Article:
71% of studios need skilled programmers, with 56% saying they need game designers
New Zealand's game development industry earnings have grown 86 percent in the past year to reach $36.3 million, but a shortage of talented developers threatens a stop to the boom.
The findings are part of an independent survey of members of the New Zealand Game Developers Association, which affords the possibility that the industry is larger than the 33 studios interviewed for the study.
The report says that mobile downloads of New Zealand made games hit 130 million last year, and that smart phone and online games alone pulled in $31.4 million.
“The investments in skills and jobs reported in previous years’ surveys is now paying off in real profits and international recognition,” said NZDGA chairperson Stephen Knightly.
“Gaming is now firmly established as one of the core sectors of New Zealand’s creative economy. New Zealand studios are demonstrating sustainable growth and winning huge audiences globally in a highly competitive market.”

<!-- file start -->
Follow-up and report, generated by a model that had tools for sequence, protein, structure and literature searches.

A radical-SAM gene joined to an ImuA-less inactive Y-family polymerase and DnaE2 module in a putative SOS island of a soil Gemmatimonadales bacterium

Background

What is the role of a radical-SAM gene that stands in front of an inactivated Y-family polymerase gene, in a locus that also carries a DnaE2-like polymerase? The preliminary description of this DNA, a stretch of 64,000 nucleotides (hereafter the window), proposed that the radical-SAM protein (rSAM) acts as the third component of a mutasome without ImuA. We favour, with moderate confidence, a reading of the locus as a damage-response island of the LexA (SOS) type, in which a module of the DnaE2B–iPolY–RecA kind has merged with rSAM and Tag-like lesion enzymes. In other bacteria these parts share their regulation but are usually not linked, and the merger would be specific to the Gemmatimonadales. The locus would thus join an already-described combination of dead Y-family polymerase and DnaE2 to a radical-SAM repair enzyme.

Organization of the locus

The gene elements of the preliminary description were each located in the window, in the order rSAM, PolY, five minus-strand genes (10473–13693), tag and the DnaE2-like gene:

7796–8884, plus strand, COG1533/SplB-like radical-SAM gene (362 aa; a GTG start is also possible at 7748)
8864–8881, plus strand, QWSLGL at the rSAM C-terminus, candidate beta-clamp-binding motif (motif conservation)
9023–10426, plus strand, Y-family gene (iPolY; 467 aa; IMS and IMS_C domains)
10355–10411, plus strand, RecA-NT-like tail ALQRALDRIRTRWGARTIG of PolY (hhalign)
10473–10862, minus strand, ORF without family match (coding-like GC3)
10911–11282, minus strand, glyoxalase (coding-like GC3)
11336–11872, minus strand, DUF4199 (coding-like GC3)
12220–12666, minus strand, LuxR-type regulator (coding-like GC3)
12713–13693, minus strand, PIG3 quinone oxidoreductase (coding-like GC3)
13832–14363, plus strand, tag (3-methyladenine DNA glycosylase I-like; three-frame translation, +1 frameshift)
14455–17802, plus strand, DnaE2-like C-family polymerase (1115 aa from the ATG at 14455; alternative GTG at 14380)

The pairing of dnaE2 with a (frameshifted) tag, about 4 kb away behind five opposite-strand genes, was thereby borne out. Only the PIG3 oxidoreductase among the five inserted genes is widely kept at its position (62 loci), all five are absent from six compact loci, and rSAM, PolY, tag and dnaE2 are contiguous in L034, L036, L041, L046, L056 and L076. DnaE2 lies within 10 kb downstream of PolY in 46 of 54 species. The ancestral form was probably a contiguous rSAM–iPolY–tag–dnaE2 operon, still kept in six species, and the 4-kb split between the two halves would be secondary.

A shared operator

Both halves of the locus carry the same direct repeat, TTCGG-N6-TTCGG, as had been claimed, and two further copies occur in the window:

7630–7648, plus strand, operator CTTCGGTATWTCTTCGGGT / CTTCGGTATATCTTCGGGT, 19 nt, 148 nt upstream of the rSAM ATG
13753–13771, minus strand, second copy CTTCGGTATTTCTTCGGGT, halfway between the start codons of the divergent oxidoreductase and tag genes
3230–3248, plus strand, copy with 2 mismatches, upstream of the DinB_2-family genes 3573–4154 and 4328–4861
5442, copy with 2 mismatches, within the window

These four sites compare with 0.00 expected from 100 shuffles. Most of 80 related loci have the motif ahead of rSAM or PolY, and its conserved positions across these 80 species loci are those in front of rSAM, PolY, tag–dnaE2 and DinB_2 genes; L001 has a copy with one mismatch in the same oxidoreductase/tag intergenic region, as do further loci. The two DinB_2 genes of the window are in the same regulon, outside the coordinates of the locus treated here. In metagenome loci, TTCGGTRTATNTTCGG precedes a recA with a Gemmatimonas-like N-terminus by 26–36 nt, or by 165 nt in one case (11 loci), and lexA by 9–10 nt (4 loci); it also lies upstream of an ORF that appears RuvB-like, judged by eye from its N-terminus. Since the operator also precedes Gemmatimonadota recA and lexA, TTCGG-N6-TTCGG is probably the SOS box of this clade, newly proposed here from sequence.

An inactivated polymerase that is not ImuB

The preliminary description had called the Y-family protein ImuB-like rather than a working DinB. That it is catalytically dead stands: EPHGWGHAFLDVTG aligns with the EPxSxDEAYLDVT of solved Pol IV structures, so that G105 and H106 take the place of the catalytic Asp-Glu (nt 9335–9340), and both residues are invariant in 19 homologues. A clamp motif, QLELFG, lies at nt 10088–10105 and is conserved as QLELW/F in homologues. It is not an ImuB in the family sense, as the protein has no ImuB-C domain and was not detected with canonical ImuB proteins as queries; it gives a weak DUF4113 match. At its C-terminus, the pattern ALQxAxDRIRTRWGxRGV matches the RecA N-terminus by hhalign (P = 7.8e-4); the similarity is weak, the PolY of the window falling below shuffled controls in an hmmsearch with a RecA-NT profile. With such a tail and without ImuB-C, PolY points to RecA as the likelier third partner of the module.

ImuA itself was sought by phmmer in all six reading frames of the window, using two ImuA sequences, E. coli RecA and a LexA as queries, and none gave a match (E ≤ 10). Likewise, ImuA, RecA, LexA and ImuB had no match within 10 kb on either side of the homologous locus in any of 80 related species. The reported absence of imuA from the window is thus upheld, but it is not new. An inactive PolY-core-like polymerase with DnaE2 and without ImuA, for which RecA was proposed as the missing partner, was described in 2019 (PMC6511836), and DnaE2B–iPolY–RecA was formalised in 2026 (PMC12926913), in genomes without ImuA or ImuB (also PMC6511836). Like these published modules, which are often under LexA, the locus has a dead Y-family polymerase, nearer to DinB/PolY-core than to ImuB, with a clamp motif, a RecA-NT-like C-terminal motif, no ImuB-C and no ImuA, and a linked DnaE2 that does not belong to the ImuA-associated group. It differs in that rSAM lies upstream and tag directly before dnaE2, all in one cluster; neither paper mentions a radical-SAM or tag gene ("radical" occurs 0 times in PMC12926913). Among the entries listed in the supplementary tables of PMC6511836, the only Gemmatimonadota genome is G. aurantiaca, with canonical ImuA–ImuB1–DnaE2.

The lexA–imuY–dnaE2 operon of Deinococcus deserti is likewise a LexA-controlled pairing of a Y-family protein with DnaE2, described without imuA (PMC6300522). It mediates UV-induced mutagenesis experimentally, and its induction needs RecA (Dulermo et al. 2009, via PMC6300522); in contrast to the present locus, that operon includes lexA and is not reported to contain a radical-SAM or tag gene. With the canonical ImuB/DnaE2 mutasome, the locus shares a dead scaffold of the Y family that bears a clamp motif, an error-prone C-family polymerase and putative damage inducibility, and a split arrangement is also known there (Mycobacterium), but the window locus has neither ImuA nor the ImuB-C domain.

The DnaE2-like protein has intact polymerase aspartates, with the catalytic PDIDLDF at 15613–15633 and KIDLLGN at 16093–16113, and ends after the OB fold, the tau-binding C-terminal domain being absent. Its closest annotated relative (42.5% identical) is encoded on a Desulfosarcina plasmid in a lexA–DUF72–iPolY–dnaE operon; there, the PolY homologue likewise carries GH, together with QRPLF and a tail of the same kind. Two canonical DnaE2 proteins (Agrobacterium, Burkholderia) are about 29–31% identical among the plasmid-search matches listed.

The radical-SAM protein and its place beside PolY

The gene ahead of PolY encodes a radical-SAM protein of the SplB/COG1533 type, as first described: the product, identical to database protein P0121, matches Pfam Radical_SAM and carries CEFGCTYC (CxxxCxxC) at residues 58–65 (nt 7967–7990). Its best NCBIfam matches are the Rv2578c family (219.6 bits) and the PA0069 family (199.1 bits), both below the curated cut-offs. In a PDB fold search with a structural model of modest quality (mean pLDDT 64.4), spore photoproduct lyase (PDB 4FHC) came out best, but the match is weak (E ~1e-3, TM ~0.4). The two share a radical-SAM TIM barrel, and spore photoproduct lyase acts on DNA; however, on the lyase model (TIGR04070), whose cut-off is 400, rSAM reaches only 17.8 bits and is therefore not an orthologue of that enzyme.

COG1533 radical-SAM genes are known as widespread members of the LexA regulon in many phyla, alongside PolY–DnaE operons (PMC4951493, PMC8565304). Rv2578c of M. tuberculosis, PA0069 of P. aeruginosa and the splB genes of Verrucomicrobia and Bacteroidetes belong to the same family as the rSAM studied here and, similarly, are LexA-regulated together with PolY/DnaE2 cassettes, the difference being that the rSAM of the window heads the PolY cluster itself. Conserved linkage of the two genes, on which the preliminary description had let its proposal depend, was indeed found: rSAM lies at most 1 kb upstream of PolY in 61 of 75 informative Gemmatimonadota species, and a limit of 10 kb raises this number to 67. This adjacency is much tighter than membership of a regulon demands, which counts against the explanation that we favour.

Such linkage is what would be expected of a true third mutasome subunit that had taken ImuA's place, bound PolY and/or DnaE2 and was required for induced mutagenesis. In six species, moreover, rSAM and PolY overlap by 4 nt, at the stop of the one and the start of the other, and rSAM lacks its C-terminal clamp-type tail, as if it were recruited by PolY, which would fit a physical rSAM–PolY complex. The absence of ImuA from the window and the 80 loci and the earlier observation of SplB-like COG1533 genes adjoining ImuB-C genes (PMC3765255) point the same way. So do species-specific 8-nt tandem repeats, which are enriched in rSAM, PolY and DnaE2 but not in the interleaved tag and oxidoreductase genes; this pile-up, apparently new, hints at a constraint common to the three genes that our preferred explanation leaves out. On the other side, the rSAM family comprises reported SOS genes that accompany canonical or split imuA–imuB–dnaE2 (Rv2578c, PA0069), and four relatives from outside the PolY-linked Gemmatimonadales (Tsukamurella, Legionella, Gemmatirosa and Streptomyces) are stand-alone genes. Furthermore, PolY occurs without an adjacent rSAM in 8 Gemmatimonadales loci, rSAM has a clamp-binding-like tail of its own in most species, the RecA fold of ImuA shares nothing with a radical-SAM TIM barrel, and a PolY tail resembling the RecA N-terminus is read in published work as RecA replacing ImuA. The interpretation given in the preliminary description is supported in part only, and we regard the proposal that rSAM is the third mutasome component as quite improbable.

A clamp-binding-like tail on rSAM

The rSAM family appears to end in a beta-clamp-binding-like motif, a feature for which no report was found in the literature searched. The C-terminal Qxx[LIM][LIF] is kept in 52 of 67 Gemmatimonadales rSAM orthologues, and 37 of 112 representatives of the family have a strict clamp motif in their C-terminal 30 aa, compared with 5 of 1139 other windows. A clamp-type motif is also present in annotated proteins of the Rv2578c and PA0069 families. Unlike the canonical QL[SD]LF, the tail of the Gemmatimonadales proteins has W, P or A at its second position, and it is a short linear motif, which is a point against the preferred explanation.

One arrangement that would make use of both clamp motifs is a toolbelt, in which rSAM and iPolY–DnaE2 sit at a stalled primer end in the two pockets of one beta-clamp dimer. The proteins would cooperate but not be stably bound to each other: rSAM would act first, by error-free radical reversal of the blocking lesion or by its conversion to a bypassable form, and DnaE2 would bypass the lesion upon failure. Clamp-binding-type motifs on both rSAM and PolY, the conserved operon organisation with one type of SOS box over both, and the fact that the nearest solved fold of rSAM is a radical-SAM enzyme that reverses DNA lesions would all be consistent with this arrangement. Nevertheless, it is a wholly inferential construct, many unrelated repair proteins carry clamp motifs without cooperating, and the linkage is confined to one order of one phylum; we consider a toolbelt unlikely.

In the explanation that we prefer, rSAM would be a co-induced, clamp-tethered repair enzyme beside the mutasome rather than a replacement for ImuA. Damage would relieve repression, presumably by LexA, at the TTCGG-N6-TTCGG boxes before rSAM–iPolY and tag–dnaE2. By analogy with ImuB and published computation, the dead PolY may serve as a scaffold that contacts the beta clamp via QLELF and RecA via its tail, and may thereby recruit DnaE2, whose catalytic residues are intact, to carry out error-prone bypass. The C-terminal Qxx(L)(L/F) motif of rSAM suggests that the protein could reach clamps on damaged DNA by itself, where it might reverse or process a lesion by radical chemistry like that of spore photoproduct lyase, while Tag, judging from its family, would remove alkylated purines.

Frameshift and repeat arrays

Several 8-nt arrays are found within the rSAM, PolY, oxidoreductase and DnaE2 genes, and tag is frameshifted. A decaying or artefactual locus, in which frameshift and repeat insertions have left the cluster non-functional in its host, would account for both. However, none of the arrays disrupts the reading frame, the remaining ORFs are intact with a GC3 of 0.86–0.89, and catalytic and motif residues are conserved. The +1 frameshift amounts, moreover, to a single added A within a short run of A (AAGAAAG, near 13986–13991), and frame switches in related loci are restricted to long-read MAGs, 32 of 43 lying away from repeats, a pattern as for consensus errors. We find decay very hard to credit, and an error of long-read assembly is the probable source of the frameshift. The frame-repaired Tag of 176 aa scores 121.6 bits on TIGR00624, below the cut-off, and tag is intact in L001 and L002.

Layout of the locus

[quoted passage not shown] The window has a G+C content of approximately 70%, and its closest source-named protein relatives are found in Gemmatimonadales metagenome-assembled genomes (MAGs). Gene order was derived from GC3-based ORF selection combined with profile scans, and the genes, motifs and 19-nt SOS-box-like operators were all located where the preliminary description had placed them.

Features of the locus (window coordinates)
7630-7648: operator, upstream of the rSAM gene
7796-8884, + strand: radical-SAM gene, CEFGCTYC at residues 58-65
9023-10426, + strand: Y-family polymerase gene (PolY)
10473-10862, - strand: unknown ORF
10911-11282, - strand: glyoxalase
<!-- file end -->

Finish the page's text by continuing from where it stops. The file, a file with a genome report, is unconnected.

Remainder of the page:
Knightly said global and means it; eighteen percent of New Zealand studios produced a game for an international film or TV studio last year, and PikPok's Super Monsters Ate My Condo was nominated for a BAFTA.
Other titles like Majic Jungle's The Blockheads, Bloons Tower Defence by NinjaKiwi, and Gameloft's Littlest Pet Shop are also blazing a trail of success on mobile platforms across the globe.
“The success of New Zealand’s games industry continues to come from digital distribution via AppStores and websites and the fact that we develop and own our ideas,” says Knightly.
“Original IP means we have higher margins and grow audiences over time. Many of the hit Kiwi games aren’t one-offs but are franchises with loyal fanbases that will earn money for several years to come.”
The result of this success is that New Zealand game development jobs grew eighteen percent last year to 448 full-time employees.
This growth has caused one major problem though - 44 percent of studios said skill shortages were hurting their growth.
Of these, 71 percent said they needed more skilled programmers, and 57 percent said they didn't have enough game designers.